Goals of This Exercise
- Discuss the political considerations that contribute to the federal deficit.
- Examine trends in surpluses and deficits in American politics in the second half of the twentieth century and the beginning of the twenty-first century.
- Explore the potential impact of the Federal Reserve Board on controlling the economy on a non-political basis.
Politicians’ Goals: Taxes and Spending
The Rationality Principle: all political behavior has a purpose. All political actors engage in instrumental acts designed to further their individual goals.
The Goals of Fiscal Policy: Taxes and Spending
Elected politicians (the president and members of Congress) have goals to be re-elected and to help their parties win elections as well.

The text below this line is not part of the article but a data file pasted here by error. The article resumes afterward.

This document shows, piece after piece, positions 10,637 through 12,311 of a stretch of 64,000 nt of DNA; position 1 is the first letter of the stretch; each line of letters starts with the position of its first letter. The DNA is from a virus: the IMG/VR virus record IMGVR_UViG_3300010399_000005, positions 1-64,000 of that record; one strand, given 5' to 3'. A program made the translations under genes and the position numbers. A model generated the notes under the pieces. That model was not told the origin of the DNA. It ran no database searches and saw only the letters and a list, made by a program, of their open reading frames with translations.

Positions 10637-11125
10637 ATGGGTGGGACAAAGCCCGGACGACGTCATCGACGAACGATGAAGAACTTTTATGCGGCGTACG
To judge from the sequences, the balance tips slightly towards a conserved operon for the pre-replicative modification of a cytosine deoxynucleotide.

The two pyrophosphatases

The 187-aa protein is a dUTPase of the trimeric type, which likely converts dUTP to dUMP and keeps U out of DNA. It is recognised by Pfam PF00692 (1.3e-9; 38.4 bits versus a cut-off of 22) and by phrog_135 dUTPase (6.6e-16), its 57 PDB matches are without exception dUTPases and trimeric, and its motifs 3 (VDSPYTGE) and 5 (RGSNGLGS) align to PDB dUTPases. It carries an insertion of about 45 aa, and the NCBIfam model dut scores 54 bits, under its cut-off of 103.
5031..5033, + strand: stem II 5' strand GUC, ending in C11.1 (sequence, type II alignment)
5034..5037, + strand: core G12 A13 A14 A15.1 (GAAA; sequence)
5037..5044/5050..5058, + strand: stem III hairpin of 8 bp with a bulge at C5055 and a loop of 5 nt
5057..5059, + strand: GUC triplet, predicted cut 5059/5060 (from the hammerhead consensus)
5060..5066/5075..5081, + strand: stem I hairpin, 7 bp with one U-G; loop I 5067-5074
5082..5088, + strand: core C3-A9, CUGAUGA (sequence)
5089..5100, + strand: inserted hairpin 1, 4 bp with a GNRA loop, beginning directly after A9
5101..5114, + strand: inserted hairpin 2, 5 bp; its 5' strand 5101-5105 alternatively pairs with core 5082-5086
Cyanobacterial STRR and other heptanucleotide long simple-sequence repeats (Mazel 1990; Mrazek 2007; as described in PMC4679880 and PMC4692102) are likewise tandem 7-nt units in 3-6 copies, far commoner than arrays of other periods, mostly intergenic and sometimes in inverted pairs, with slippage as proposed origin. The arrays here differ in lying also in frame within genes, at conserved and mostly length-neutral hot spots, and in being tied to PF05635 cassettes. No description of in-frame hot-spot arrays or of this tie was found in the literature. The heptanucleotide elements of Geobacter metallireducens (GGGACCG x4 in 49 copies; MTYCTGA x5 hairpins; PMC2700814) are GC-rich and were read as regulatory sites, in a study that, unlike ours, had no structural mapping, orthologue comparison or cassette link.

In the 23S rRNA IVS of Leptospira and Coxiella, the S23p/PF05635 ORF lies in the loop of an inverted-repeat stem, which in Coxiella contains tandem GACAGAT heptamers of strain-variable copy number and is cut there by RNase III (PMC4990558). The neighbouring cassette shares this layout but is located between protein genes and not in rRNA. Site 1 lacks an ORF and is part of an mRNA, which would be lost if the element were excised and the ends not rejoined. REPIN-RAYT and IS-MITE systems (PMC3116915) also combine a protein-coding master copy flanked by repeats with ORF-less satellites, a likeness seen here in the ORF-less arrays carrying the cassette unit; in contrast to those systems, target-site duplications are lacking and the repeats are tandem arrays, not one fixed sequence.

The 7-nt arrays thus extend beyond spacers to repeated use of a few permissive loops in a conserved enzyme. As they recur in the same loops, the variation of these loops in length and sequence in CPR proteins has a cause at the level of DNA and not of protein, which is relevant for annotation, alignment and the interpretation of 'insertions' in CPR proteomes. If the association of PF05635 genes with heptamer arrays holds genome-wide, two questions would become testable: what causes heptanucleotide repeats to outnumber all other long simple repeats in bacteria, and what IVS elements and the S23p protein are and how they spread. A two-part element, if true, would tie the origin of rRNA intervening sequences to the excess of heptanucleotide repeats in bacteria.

The politics of taxing and spending are often used by politicians to achieve these electoral goals.
Taxes involve the imposition of the costs of government on citizens. Politicians seeking to be elected prefer to impose the costs of government on the coalition supporting their political opponents while lowering the costs (cutting the taxes) on their own supporters.
Government spending involves the distribution of government benefits and assistance to citizens. Politicians seeking to be elected prefer to confer as many benefits on their own supporters as possible while distributing fewer benefits to (cutting spending for) the supporters of their opponents.
Because politicians generally seek to cut taxes and increase spending, these basic motivations tend to lead the government toward deficit spending as greater incentives exist to distribute benefits than to impose costs on citizens. Moreover, economic crises can exacerbate the negative effects of this tendency.
Answer the following questions: